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Take it Easy, Take a Hike

By Murray Selleck - May 27th, 2003

Getting outdoors is one of life's simple joys. And taking a hike, whether short or long, easy or difficult, under sunny skies or cloudy, is a refreshing antidote to hours of sitting at a desk or in traffic, or watching the tube.

We tend to allow work, carpooling, errands, and chores around the house to consume our days off, rarely considering the benefits of just going for a walk. Try setting aside a morning, an afternoon, or even an entire day to get outdoors. It takes no more effort than saying, "Let's go!"

The beauty of day hiking is its simplicity. You don't need a ton of expensive equipment. You don't need years of experience or hours of prep time. At a mimimum, it's just you and your legs and a path to walk on. Hikes can be just a couple hours up a nearby trail, a loop in the closest city or state park, or an all-day affair up into the big mountains. Just getting out for a few hours can clear the cobwebs of the day, spark new ideas, and open the mind for discovery.

One of my best memories occurred while day hiking. I saw my first calypso orchid while on a day hike near my home. We leafed through the wildflower field guide we were carrying and identified it within minutes. We also discovered how rare it is to see these tiny flowers out in the wild. The find was exciting and who knew these delicate beauties grew so close to where I lived? I wouldn't have known unless I had made the time to hike.

If motivation is a problem, combine one of your interests with taking a hike, and consider going with a friend or family member. Look for hikes that feature the best wildflowers or places where you can bird-watch. Consider a walk along a river bank or beach. Get out for that last glimpse of fall colors. If you thrive on goals and measurements, monitor your heart rate and log your miles. Set a goal for making a weekly walk or hike part of your regime, and gradually increase your mileage. Here are several reasons why day hiking is such an easy pleasure:

  • Day hikes require little time.
  • The gear list for a day hike is minimal.
  • The skill level for day hiking is also minimal.
  • The chance for discovery is always great.

What to take with you on a day hike
How long you stay out will determine what you will take. Here are the minimum requirements:

  • Footwear. You may not need big beefy leather boots, but wear something you will be comfortable with when walking through muddy sections of trail, over rock, and for long distances.

  • Socks. Try a pair of specially designed hiking socks. These socks will wick moisture away from your feet, and the extra padding in the heel and toes will make the hiking miles easy. Avoid cotton.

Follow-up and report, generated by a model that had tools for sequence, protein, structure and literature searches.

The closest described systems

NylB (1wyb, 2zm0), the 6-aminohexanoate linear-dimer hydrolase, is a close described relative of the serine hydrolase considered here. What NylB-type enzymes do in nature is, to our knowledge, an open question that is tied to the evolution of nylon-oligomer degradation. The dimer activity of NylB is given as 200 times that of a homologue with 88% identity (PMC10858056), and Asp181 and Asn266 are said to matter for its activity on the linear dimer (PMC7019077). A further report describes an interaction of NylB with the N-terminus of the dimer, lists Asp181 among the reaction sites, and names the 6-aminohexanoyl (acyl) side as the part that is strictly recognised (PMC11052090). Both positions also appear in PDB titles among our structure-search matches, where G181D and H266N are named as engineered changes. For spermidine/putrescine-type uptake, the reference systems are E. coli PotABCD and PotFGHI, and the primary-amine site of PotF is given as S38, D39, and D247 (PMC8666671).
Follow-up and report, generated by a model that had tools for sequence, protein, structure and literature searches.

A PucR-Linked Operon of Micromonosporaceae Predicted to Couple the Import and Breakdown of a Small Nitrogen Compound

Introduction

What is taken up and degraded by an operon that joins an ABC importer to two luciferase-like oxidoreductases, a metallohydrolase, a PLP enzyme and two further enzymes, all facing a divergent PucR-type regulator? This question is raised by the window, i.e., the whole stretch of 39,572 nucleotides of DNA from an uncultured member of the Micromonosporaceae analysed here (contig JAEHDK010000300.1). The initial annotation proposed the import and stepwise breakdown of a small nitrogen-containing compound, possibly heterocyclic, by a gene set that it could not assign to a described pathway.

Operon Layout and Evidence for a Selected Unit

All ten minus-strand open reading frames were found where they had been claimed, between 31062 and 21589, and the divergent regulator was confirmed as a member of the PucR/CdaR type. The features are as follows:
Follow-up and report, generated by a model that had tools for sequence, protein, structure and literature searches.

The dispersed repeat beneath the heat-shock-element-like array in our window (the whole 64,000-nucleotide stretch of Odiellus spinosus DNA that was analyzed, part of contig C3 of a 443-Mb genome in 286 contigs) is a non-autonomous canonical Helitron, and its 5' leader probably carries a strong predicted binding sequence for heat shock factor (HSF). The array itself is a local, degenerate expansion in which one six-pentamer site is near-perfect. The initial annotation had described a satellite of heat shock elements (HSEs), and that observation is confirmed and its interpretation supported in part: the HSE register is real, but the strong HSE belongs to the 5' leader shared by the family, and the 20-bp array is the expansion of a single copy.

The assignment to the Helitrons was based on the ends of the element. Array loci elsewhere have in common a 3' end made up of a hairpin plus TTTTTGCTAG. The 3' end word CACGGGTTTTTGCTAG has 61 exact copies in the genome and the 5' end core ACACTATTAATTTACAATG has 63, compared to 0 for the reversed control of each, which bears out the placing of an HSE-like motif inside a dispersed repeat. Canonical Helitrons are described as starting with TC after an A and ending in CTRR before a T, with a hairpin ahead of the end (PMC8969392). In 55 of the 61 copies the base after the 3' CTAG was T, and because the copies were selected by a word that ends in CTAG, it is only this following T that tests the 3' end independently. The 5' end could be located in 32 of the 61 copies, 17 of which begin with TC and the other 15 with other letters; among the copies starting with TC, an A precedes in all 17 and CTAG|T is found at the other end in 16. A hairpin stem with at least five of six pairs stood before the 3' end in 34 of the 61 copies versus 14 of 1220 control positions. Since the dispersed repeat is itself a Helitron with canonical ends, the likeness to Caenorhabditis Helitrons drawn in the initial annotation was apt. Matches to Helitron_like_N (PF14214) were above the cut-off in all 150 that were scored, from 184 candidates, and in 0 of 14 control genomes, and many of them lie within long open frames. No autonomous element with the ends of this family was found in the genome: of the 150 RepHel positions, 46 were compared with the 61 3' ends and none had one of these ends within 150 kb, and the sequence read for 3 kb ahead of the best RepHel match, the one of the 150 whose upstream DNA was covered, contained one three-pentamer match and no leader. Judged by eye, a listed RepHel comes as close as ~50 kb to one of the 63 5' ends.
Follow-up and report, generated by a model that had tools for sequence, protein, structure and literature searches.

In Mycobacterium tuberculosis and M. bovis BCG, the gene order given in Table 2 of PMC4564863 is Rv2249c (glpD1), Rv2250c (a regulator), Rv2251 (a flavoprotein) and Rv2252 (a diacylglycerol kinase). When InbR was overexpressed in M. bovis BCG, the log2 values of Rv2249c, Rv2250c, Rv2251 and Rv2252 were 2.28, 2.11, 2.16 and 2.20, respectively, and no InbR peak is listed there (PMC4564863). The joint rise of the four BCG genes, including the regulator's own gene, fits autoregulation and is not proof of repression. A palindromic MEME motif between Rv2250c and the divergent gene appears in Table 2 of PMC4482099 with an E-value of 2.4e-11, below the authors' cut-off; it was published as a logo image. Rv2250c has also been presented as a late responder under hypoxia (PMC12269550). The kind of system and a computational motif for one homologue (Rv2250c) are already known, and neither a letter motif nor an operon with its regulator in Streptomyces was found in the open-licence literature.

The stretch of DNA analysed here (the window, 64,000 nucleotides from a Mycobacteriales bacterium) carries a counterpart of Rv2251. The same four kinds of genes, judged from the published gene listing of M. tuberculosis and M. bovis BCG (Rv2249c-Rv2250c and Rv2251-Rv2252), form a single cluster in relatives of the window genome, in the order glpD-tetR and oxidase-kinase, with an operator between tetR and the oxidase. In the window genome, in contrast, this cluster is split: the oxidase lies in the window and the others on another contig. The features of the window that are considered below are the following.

• Rain gear. Sudden thunderstorms, especially in the mountains, can catch you by surprise. It is always best to carry rain gear with you even if the forecast is hot and dry.
  • Hat and sunscreen. If it's not raining, it must be sunny. Protection from harmful UV rays is important even if you only plan to be out for a couple of hours. Wear a wide-brimmed hat that offers shade protection.

  • Eye protection. Namely, sunglasses. If you're squinting, your eyes are taking a beating. Don't forget the kids need eye protection too!
  • Water. I know I still don't drink enough water during the day, and when you're out exercising you need to drink even more water than normal. To make sure you take enough water with you, bring along extra water bottles, or if you know you will be out for several hours you might want to bring along a water filter to refill your bottles.
  • Food. You don't need to carry a lot of food. Sometimes just snacking along the trail may be enough. But, for those long days that cover long miles, you'll want to carry a big lunch and even bring extra food to snack on.
  • Guidebooks. I find it very frustrating to be hiking and see a flower or a bird I can't identify, and there I am left to only wonder. Field guides are small, easy to pack, and real handy to have along on the trail.

  • Maps and a compass. The purpose of maps is to see where you're going - not see where you've been. Always carry a map with you on your hike. I see too many hikers buying their maps after their trip. That doesn't make much sense. Plus, if the urge should overtake you to leave the trail and bushwhack, you have the means to do it successfully.
  • Packs. Whether you plan to hike all day or just for an hour, you will need a pack to carry your supplies for the day. For hikes lasting a few hours, try a lumbar pack without shoulder straps. The extra freedom of movement and lightness is a pleasure when hiking. For an all-day affair you will need a larger daypack. How you choose your pack is quite personal. Look for proper fit, features, and enough capacity to hold all you need for the day.

Common sense
Day hikes can be as easy or as difficult as you like depending on terrain and distance. But just because the amount of time you will be out hiking is limited, this is no reason to leave common sense behind.

  • Keep an eye on the weather. Being caught in a thunderstorm on a ridge is a lesson learned only once if you are lucky.
  • Know what to expect on the trail. If you are in bear or mountain lion country, take proper precautions and know how to behave to protect both yourself and the animal.
  • Practice "Leave No Trace" (www.lnt.org) ethics. Even on day hikes you can have a negative impact on the land, and certainly that is not our intention.

Day hiking is the pace of leisure. Fast or slow. Short or long. Get out and hike - you won't be disappointed!


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